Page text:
I've pointed out repeatedly in the past that Israeli hospitals disprove all the stereotypes about ethnic relations in this country. Well, yesterday I spent a few hours at one of our local colleges (not the university). A three-building campus chock full of young people busy learning so as to do better in life. I saw religious Jews, including many head-covered married young women; secular Arabs (in jeans), secular Jews (in jeans), and religious Arabs (more severe head-cover than the married Jews); I heard Hebrew, Arabic, Russian, French, and American; and the halls were even more crowded than necessary because small roving teams of art or photography students seemed to be engaged in some project which called for them to be filming life between classes. The teams seemed to be as multi-ethnic as everyone else in the halls.
This morning I sat for a bit in a hallway at one of our medical centers (not a hospital) waiting for some document. Behind a counter were two young women, one secular (jeans...) and the other haredi, head cover and all (a wig. Young married haredi women, unlike young married mdern orthodox women, eschew hats, scarfs, kerchiefs and so on, and stick with the appearance of natural hair. See if you can figure out that one). By and by a 40-ish doctor came out of his office and started chatting with the Haredi woman:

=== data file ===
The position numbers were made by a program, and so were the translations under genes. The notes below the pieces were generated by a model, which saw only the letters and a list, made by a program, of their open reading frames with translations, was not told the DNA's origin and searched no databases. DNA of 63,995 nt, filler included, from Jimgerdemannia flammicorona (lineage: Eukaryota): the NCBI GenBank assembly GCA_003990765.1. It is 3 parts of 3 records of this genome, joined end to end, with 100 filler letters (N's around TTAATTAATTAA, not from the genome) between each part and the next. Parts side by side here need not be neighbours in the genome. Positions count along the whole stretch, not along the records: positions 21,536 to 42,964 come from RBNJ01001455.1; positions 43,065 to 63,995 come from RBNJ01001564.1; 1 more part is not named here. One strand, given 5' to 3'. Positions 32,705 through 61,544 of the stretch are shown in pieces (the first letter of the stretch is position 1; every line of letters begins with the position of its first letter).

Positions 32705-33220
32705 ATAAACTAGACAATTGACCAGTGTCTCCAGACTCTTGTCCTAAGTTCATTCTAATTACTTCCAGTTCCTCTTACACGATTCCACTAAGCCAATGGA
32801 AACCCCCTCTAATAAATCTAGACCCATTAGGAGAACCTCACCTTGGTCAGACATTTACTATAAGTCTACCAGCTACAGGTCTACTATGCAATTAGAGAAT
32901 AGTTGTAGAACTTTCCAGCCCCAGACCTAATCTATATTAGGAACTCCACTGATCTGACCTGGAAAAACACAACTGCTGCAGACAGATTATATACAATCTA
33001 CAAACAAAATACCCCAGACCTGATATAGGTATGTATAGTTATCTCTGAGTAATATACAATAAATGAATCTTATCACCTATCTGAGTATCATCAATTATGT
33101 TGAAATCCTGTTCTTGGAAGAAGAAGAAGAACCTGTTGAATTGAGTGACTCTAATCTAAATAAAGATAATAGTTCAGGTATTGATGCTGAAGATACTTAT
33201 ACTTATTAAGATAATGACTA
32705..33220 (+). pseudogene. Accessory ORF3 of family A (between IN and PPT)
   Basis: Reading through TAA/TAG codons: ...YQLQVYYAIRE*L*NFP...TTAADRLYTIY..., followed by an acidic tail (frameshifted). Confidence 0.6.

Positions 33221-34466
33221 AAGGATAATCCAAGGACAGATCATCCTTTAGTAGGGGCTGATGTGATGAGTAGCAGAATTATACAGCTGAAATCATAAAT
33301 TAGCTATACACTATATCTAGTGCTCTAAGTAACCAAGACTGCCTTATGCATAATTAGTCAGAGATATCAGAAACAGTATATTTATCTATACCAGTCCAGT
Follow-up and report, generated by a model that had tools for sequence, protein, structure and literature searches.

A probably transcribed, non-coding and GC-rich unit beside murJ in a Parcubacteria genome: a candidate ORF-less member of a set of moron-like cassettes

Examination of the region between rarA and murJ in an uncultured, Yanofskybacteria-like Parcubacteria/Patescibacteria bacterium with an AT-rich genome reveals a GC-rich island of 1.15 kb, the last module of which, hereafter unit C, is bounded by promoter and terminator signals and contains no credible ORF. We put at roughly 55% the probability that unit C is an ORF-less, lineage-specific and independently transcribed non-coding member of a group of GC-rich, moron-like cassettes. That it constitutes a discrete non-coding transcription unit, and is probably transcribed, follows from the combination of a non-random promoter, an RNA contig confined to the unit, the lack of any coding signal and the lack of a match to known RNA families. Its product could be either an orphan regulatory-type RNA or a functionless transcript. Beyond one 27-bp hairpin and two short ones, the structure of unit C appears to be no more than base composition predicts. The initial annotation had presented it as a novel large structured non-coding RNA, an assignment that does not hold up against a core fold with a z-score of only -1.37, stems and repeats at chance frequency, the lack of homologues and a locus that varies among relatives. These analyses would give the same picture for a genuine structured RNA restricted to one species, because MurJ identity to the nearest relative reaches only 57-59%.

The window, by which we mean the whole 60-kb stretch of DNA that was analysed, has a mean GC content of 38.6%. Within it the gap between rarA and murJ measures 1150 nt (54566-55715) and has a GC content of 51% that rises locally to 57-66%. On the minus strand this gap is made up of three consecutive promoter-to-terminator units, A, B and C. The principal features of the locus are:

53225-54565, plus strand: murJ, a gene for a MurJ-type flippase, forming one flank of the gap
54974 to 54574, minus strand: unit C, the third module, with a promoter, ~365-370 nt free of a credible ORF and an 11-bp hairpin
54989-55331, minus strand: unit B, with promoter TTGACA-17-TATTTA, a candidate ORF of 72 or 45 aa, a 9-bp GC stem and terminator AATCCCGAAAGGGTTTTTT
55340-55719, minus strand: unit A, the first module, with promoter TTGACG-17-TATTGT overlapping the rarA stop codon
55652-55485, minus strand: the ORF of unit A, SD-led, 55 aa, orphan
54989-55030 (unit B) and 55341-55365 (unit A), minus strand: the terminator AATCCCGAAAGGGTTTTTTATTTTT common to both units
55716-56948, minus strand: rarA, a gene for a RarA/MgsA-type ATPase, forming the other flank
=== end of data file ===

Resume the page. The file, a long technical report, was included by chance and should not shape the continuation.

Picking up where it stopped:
Dr: I hear they're sending you to some course?
Haredi woman, grinning: Yes! I'm going to study administration!
Dr: And what will you do with it once you've studied?
She: Maybe I'll run this department.
Dr: Or another department, elsewhere. Lily took that course, and now she runs the branch in French Hill.
She: And then, who knows, maybe I'll run this entire organization [which is large. What the Americans would call an HMO].
Dr. Well, I don't think they'll let you run it, that's a slot that a physician will always fill, but you could be the top administrator, would that be good enough?
She: Yes, that's a goal I'd aim at.
Third story: Earlier today in one of the warrens of 19-century vintage small apartments and narrow alleys, south of Jaffa street. No cars can get in here, and very few pedestrians pass through. Two very old men are sitting in the perfect winter sun that Jerusalem sometime has in January, one talking animatedly and his friend leaning towards him and listening earnestly. As I pass -
I've never raised my hand at her. But if you listen to her, I've ruined the family, I'm the cause of all evil, everything's my fault. So I said to her, You know what? I'm a bad man, my intentions were always to ....
That's all I can tell you about him.